When the NY Times falls, it will take Modern Journalism down with it 2/26/08Posted by Steve Boriss in NYTimes.
As the NY Times prepares to stave-off its second shareholder revolt in as many years, things are not what they appear to be. This is not simply a fight between an inbred, blueblood, change-averse, and managerially-challenged Sulzberger family against financially-burned and opportunity-sniffing investors who want to drag them kicking and screaming into the digital world. The paper’s slowness in shifting from paper to electrons is insufficient to explain why its stock has lost half its value in the past 5 years, its bonds are rated two levels above junk, and it has drawn-in the new, Murdoch-run Wall Street Journal as its likely most formidable competitor in a century.
In fact, this shareholder revolt is a fight between Modern Journalism and a marketplace that wants it dead. This becomes clear when you consider that there is not a dime’s worth of difference between the problems faced by the Times and an industry that follows their lead and celebrates them as their gold standard.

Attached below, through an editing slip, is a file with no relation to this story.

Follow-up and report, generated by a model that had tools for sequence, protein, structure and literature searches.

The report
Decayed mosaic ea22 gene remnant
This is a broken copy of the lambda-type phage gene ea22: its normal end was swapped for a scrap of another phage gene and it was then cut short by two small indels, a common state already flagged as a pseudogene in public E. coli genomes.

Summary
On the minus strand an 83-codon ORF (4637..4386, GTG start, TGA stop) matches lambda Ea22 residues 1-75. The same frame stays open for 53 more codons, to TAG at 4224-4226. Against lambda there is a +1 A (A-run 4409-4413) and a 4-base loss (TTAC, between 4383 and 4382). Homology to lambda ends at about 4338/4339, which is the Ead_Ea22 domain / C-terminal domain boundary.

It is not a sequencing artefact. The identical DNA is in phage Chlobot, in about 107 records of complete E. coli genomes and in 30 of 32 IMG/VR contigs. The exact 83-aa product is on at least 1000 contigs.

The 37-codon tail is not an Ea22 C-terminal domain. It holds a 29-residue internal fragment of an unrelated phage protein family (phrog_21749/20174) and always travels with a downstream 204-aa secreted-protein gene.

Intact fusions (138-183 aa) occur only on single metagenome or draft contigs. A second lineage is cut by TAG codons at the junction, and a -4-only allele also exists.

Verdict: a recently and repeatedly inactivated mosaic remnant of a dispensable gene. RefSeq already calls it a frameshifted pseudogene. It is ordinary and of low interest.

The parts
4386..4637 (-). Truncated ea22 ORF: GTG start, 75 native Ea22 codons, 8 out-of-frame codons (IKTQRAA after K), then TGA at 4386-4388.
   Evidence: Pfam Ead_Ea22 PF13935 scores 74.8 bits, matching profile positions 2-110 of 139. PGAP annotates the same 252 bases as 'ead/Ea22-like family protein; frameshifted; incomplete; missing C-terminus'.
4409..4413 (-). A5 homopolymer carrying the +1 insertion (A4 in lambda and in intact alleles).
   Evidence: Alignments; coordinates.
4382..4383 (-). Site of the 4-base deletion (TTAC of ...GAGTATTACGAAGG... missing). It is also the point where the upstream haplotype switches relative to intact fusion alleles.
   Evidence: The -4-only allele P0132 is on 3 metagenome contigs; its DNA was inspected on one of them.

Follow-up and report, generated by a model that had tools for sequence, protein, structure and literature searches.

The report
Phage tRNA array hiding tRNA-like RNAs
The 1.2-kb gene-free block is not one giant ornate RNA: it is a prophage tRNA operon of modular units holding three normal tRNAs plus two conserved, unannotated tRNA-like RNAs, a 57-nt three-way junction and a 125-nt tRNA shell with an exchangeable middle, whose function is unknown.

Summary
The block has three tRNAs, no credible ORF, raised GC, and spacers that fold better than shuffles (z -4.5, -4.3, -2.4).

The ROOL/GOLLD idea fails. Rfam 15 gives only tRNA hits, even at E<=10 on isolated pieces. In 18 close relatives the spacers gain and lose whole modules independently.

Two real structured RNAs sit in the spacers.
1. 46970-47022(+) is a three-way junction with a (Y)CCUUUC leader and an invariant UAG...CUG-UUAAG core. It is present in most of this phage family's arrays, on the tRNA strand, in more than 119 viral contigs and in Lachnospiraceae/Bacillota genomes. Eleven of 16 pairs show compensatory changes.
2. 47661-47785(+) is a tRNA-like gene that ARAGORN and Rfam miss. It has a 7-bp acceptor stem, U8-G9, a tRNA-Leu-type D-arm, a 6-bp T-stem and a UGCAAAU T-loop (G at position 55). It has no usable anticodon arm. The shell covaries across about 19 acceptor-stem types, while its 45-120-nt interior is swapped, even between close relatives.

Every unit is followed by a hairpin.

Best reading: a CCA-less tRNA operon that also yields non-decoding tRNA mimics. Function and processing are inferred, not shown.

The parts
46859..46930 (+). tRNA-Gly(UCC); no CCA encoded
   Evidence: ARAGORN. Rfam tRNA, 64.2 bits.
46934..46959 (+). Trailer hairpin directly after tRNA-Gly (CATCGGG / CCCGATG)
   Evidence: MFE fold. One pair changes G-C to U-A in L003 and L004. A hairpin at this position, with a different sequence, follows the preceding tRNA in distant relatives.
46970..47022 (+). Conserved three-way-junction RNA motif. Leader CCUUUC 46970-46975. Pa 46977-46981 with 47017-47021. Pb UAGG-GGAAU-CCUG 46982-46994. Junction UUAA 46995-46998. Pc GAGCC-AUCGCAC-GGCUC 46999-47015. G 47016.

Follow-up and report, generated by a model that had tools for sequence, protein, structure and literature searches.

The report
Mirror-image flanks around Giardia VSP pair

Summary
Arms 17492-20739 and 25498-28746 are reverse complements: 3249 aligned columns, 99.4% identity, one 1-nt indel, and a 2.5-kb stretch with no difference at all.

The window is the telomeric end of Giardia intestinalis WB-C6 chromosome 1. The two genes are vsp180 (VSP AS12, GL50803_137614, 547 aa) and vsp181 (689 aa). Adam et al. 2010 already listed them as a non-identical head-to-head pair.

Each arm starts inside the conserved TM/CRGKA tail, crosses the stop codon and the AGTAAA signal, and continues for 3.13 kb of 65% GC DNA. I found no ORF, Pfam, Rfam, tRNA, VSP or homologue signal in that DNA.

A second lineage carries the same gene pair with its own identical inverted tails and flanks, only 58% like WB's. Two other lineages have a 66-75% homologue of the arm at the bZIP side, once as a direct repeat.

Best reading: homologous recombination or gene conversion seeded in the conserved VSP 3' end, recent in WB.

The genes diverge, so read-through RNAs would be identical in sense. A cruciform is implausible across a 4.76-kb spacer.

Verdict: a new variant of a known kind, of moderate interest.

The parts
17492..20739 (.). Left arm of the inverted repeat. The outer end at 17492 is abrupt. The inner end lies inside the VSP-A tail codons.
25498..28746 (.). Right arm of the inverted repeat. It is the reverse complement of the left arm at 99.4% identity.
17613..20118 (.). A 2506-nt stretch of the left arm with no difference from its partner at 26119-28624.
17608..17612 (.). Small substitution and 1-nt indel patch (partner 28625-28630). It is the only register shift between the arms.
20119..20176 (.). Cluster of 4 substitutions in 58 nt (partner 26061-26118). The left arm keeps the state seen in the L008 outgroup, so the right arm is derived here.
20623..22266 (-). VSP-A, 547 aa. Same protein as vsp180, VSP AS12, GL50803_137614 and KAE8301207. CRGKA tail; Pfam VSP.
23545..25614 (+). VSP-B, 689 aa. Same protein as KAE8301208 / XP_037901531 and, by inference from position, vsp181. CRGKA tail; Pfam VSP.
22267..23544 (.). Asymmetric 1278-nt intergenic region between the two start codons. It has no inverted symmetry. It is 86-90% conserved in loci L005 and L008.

Virtually none of the tenets of the Times and Modern Journalism are believable anymore. “All the news that’s fit to print?” How could it be all the news when so much more is available on the Internet? How could it all be fit to print, when the story about John McCain’s affairless affair clearly wasn’t? How could it all be “verified truth” when a leading network anchor couldn’t tell the difference between a forged document and a real one? And, who are you going to believe in regards to “objectivity” — a landslide two-thirds of the public who believe the media are biased, or an elite who seem genetically incapable of recognizing their own center-left views or acknowledging that honest men may differ?
The best idea for saving the Times inadvertently came from their former Public Editor Daniel Okrent, who admitted non-defensively that the Times is a liberal paper. The Times should embrace its liberalism and use it to build more loyalty among liberal readers and extinguish distrust among non-liberal ones. “Bias” is not a four-letter word. Partisan news was America’s standard until a century ago and it still works among today’s London newspapers. It is the future of news. Modern Journalism is not.